The Flower bowed out of this one and we’re probably all be taking a pass on next week’s showing of Tron, but while I liked WarGames at the time, I’ve never had any inclination to see it again. I told the kids, “Well, it’s a fine movie from 1983.” And, yes, that’s what it is. It’s fine. I cannot make the same claim of Tron, which was boring at the time despite the effects, and I think practically unbearable today, where WarGames has a certain quaint charm going for it.
“Fine” was good enough for The Boy, though, so we rolled out to see it and I had the same thoughts now as I did 35 years ago: “Gosh, Ally Sheedy is cute in this.” Yeah, I never got all the Ringwald love, frankly, but Sheedy was in far fewer Brat Pack movies (and outside of the Hughes films, I didn’t see that many of those) and after Breakfast Club and Short Circuit I didn’t see much of her until she appeared on the ’80s-obsessed TV show “Psych” as a serial killer. (And I still liked her better than Molly Ringwald, who was also on that show in a much smaller role.)
But my peccadilloes and Sheedy’s pulchritude aside, this movie is just a competent John Badham action flick powered at the time by a kind riding the contemporary trends (unlike the recently reviewed Krull, e.g.) and now struggles along on nostalgia power.
The plot is that computer hacker David Lightman hacks into the Defense Department computer containing the WOPR super-computer (about equivalent to an iPhone 2) which has recently been put in charge of the nuclear arsenal. David starts a game of “Global Thermonuclear War” with it, but WOPR is playing for real. (For you kids out there, 35 years ago, the narcissistic showbiz cowboy who was going to destroy the world with nuclear war was Ronald Reagan. After that, of course, it was George H.W. Bush, then George W. Bush, and finally Trump. )
Anyway, David is captured by the Federales whom he easily evades with his super-hacker skills, then flees to find the creator of the program running the WOPR, a professor Falken. (Falken was designed with John Lennon in mind, apparently, and actor John Wood is sort of doing a John Lennon impression in this role. Not laying it on thick, but with a similar cadence and expression.)
Girlfriend Jennifer joins David on his road trip because Ally Sheedy is really cute and it allows the budding romance between David and Jennifer (how classic Americana are those names, btw?) to flower in the midst of an impending apocalypse.
Now, this is the first mistaken impression I had. I would’ve sworn David Warner played Falken. The second mistaken impression I had is that when Falken gives his, “We’re better off dead” speech, Jennifer responds with “I’m only seventeen. I don’t want to die yet. I haven’t even made love.” I remember that line so clearly (even more than the Warner thing) because it was so cringe-worthy, but I can find no evidence to back it up. (It may have come from yet-another-teen-apocalypse movie, but I don’t know which.)
Anyway, they fly back to the defense base to try to save the day by teaching the computer the lesson that humans Just Don’t Seem To Learn: The only way to win a global nuclear conflict is Not To Play.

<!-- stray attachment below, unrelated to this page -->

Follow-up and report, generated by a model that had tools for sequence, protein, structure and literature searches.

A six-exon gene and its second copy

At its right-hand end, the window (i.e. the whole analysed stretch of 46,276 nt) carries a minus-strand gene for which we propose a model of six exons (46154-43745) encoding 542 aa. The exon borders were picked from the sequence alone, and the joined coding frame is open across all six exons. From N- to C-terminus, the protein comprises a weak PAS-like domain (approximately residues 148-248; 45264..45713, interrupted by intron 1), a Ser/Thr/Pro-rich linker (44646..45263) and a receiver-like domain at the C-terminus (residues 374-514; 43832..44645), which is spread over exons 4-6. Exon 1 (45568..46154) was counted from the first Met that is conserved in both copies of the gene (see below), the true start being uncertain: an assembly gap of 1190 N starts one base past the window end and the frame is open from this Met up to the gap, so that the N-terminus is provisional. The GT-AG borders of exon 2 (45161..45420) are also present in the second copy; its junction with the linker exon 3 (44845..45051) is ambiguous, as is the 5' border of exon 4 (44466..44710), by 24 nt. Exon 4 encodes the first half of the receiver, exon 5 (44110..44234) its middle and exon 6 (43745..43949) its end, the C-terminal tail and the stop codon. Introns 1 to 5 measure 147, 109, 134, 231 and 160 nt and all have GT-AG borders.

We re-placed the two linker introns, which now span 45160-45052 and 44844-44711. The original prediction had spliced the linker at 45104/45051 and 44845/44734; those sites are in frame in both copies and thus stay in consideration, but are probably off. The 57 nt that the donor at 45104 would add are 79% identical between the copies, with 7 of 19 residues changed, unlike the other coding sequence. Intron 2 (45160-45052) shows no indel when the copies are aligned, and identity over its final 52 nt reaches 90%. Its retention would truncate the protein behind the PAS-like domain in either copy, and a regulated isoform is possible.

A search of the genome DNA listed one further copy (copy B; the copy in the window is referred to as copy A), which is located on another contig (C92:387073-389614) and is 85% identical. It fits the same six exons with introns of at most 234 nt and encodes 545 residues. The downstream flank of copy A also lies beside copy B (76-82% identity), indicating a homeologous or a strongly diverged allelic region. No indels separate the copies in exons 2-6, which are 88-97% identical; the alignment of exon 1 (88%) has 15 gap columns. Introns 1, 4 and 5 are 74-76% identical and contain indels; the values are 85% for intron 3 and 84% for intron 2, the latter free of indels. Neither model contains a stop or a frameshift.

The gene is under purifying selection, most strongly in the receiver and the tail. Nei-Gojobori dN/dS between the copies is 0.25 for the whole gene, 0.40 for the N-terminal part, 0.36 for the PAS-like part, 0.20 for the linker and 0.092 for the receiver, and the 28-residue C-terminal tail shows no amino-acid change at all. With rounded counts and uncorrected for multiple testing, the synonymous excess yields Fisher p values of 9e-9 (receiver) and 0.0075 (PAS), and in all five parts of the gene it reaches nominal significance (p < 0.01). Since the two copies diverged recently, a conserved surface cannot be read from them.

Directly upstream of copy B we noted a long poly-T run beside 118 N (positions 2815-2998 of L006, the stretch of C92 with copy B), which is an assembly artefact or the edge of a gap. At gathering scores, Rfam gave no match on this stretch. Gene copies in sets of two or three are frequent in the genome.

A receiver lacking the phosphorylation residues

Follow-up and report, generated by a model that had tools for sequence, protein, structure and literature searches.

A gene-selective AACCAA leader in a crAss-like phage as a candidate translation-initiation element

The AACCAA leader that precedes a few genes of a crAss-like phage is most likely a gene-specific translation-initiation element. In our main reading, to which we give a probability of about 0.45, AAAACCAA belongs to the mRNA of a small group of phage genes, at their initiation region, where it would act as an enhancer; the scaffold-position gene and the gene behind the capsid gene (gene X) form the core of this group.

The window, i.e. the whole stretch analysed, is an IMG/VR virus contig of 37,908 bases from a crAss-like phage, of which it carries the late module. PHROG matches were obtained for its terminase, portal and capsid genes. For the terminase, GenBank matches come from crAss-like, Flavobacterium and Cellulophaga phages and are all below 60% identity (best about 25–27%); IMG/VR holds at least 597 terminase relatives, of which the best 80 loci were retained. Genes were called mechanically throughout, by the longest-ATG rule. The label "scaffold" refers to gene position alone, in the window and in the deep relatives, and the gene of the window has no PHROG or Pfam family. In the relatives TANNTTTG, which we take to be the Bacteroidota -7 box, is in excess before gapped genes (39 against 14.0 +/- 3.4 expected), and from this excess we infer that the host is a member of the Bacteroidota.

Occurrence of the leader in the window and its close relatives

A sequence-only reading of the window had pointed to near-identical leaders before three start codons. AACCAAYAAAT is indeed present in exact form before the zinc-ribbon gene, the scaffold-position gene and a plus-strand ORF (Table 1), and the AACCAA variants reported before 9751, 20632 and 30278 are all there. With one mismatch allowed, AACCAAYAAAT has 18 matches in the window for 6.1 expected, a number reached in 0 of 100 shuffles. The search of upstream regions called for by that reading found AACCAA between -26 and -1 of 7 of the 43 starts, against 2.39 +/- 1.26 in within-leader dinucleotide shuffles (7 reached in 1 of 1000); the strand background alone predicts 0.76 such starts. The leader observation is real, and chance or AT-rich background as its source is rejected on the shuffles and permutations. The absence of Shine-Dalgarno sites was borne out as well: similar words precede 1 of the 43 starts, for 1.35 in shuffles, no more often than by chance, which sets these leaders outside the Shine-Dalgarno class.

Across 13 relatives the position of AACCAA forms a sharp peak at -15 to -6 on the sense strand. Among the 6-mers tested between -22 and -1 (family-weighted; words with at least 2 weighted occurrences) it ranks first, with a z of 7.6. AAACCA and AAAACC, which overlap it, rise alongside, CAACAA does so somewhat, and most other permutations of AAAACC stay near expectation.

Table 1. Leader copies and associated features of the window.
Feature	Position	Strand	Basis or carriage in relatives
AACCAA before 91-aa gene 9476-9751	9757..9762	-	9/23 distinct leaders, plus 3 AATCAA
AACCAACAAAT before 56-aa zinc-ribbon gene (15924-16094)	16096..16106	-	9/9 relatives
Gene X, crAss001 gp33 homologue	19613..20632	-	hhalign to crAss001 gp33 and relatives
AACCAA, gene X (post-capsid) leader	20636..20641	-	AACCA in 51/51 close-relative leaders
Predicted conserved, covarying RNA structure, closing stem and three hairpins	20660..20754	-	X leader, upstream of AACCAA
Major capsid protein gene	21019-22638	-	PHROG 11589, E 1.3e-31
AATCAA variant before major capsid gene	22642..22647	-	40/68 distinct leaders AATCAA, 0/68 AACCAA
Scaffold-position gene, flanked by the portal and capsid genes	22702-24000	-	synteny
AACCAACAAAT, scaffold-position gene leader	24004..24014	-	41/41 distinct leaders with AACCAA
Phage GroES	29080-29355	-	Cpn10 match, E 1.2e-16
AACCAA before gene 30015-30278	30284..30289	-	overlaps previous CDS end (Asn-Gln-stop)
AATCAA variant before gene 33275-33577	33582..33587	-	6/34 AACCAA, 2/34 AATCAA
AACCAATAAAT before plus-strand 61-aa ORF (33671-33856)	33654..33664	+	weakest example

I guess that couldn’t possibly have been the point of Mutually Assured Destruction: Convince everyone that it wasn’t a game worth playing.
The Old Man enjoyed the film all right, though he considered it preposterous, and he was not wrong. The Boy found the absurdity pronounced, and you do have to go back to a popular ’80s understanding of how things worked to suspend your disbelief here. You also have to believe that ’80s school systems were plugged into computers that were just sitting around with modems waiting for calls, which is just slightly less probable than being able to call into a secure Defense computer.
There are some good nostalgia points:
- Phone booths
- Pop caps as litter!
- Leg Warmers
- 8″ floppies
- Hi-resolution graphics (black-and-white, 320×200)
- David riding behind Jennifer on her moped, no helmets
- Gratuitous Eddie Deezen and Maury Chakin
- A flight for two to Paris? $1,250, not adjusted for inflation
- 300 baud modems
But overall, the movie is just…fine. Good supporting actors with Barry Corbin, Michal Ensign, Dabney Coleman, and William Bogert and Susan Davis as the clueless parents.
The late Arthur Rubinstein, a frequent Badham collaborator, gives us a score that is very hit-and-miss—more hits than misses, fortunately, though the opening is interesting. The movie begins with a very intense scene: Two soldiers are starting their day’s work in their missile silo when the command to launch comes in. The older one (played by John Spencer) can’t do it, and hesitates enough to where the younger one (Michael Madsen, I think, but he’s so young I barely recognize him!) threatens to shoot him if he doesn’t.
And! Cut to credits!
And a jaunty military theme that would be perfectly at home in Stripes! It was so bizarre. Almost like they felt they were getting to serious, so the backed out into kind of a Young Adult theme. (This really is a Young Adult movie. It’s very earnest but never very serious.)
Later, the score goes into a pure ’80s electronic mode…and that holds up surprisingly well. So I’m sort of inclined to think the musical misfires were more Badham or a nervous producer.
I think I mentioned the movie is: fine. The Boy said he was a little disappointed. That it was fine but he was expecting something more noteworthy. I had, however, warned him. This is probably while we’ll skip Tron.